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Panpa Bulletin : August 2006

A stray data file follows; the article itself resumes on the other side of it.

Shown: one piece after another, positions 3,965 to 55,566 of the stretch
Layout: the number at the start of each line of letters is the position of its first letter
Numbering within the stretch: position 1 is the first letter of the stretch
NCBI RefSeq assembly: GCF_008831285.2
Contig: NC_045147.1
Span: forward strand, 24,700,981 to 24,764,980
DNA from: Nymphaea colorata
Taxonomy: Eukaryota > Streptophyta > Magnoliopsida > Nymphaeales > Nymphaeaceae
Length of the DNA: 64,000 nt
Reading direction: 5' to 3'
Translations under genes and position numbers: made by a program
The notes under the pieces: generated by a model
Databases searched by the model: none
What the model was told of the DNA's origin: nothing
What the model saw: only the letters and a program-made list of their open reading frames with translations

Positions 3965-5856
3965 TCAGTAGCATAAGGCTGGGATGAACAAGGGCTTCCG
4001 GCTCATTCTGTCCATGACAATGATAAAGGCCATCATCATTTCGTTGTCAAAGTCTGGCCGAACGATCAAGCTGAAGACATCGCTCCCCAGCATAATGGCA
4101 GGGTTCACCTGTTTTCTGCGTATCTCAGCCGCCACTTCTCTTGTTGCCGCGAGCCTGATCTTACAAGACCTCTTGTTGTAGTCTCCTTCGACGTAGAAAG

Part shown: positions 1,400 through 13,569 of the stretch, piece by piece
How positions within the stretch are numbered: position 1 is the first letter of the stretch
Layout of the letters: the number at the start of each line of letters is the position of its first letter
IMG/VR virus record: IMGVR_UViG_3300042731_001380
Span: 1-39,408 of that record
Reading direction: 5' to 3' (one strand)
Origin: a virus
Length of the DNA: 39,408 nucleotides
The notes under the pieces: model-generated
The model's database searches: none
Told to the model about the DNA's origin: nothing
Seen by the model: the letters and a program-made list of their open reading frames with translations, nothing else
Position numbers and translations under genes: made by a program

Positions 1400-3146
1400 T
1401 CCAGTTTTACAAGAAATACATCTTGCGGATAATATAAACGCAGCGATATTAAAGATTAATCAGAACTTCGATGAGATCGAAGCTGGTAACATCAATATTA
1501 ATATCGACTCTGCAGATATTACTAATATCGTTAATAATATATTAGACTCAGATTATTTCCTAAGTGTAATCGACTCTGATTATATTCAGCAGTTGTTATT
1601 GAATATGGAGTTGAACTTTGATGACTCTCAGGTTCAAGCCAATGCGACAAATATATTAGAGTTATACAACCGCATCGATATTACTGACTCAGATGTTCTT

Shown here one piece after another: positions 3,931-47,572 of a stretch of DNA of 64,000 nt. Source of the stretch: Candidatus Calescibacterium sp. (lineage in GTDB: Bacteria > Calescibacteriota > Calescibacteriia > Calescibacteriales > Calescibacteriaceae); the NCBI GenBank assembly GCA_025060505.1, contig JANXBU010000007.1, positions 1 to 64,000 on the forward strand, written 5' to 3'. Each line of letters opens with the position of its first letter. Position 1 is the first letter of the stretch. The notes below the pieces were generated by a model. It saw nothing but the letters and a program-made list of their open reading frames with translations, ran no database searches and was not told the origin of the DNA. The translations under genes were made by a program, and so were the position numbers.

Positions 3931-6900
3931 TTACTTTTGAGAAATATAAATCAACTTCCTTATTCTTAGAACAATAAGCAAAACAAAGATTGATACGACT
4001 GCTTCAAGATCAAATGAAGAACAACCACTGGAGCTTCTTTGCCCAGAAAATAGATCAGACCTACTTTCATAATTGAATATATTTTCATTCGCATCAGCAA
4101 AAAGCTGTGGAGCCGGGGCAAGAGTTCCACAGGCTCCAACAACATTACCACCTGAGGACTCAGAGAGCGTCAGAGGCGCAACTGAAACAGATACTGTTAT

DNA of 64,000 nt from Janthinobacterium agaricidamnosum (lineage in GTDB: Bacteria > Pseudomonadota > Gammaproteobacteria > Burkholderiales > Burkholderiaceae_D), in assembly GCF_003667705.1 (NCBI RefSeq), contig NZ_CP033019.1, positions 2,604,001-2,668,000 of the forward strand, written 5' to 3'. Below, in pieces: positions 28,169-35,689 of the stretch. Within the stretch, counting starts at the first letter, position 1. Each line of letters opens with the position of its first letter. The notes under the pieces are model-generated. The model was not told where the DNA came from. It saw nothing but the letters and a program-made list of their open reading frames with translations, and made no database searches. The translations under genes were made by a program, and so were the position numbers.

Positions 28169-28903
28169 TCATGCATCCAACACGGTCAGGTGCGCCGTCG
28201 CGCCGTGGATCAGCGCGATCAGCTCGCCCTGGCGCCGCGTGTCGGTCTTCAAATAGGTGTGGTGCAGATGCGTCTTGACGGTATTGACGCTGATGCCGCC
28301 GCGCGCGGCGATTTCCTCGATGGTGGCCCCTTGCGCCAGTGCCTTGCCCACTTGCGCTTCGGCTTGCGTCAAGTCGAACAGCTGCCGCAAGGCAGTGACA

august 2006 PANPA bULLETIN | 11 NEWS FIVE free community weeklies owned by two Melbourne publishers have been added to Fairfax's Victorian sta- ble of publications in a deal associated with the company's completion of the $155 million acquisition of The Border Morning Mail Ltd. This increases the number of titles Fairfax owns inVictoria to 41 with a total readership of more than two million. The two small publishers, The In- dependent News Pty Limited and its associate, Melbourne Community Pty, who have sold out for a total of $15.1 million, held a 24.5 per cent stake in the Border Mail Printing Pty Ltd (BMP), the subsidiary production operation. Fairfax picked up just over half of BMP in its acquisition of the Albury- Wodonga publisher. Buying out the two small publishers, in a separate transac- tion lifts Fairfax's share in the state-of- the-art printing company to 75.5 per cent. The five community papers that come with the new transaction have a combined sale of around 190,000, and should fit in well with the established Fairfax Community group that oper- ates around Melbourne. They are the Frankston/Hastings Independent, Mornington and South- ern Peninsula Mail, Cranbourne Independent, Dandenong Independent and the Chelsea, Mordialloc, Mentone Independent. Several tourism publica- tions were included in the deal. The community papers, which cover the cities of Frankston and Kingston, Mornington Peninsula and Western Port regions, as well as the designated south-east growth corridor of Springvale, Dandenong and Cran- bourne through to Koo Wee Rup and Lang Lang, are all printed at the Border Mail plant. Management responsibility for The Independent News Pty Limited and Melbourne Community Pty, which are based at Hastings and employ 40 staff, has been picked up by Fairfax's manag- ing director, Victoria, Don Churchill. Their acquisition was "consistent with our strategy of growing our busi- ness organically" said Churchill. "It also reinforces the company's funda- mental belief and confidence in the future of newspapers." Fairfax buys freebies Wellington daily The Dominion Post raised NZ$16,000 for research into eye disease when it auctioned 50 of the newspaper's own photogra- phers' best pictures taken last year. At the close of an exhibition of the photo- graphs, 27 of the framed images were auctioned at a social event and raised NZ$12,000. Another 23 photographs were auctioned days later on the Trade Me internet site and raised NZ$4,000. The proceeds were given to the Capital Vision Re- search Trust. Eye-opening charity THE total New Zealand advertising in- dustry revenue last year increased 9.3 per cent to NZ$2.229 billion, the Adver- tising Standards Authority reports. This turnover includes data the ASA collected from newspapers, television, radio, magazines, out- door, cinema, addressed mail, un- addressed mail and online. All cash advertising revenue, inclusive of commission when sold via agencies, is included in the ASA figures. Last year's increase, although still strong, slowed a little from 2004's surge of 11.7 per cent to NZ$2.075 billion. That was the first time the industry's turnover exceeded NZ$2 billion. Newspapers last year scored 37.2 per cent of the total turnover (down slightly from the 38.1 per cent the previous year). Magazines won 11.7 per cent share (up from 10.7 per- cent). Television's share of the total turnover was 29.9 per cent (down marginally from the 31 per cent the year before) and radio took 11.5 per cent, (11.9 per cent in 2004). In separate figures for the period January 2005 to April 2006, Nielsen Media Research recorded a total media advertising expenditure in- crease of two per cent from NZ$729 million to NZ$742 million. Daily newspapers' year-on-year growth to April this year amount- ed to nine per cent to outperform television, radio, magazines, out- door advertising and cinema but behind online and letterbox (both from a small base). Last year’s increase slowed a little from 2004’s surge of 11.7 per cent to NZ$2.075 billion. That was the frst time the industry’s turnover exceeded NZ$2 billion. Advertisers spending more in NZ WIDER representation of the media industry is to ex- pand New Zealand's Journalism Training Organisation's Council in a newly adopted constitution. Two new members from commercial radio, a new member from TV3, and a representative from Kiwi- Asian media boosts the council size from 15 to 18. The new constitution replaces the founding docu- ment of 1994. A management committee of six, expected to meet every two months, has been introduced to ensure easier governance. Other changes are relatively mi- nor but the whole reflects maintenance of the JTO as an industry training organisation with a new empha- sis on workplace training. JTO executive director Jim Tucker reported to the annual general meeting that the organisation faced difficult decisions over the next two years, in particu- lar with development of workplace training. Tucker said, "The JTO is thin on firepower, knowl- edge and experience needed to unravel the bureau- cratic morass that is today's tertiary education sys- tem." He cited waste and lack of accountability in tertiary education and more layers of compliance, restructuring and reports. Industry training is one of the few success stories of New Zealand education, according to Tucker, but industry training is lumbered with just as much red tape and form filling as everyone else. The new council, said Tucker, will need to consid- er how the organisation can best proceed from this point. new faces for new Zealand’s Jto This Dominion Post photo fetched the highest price at auction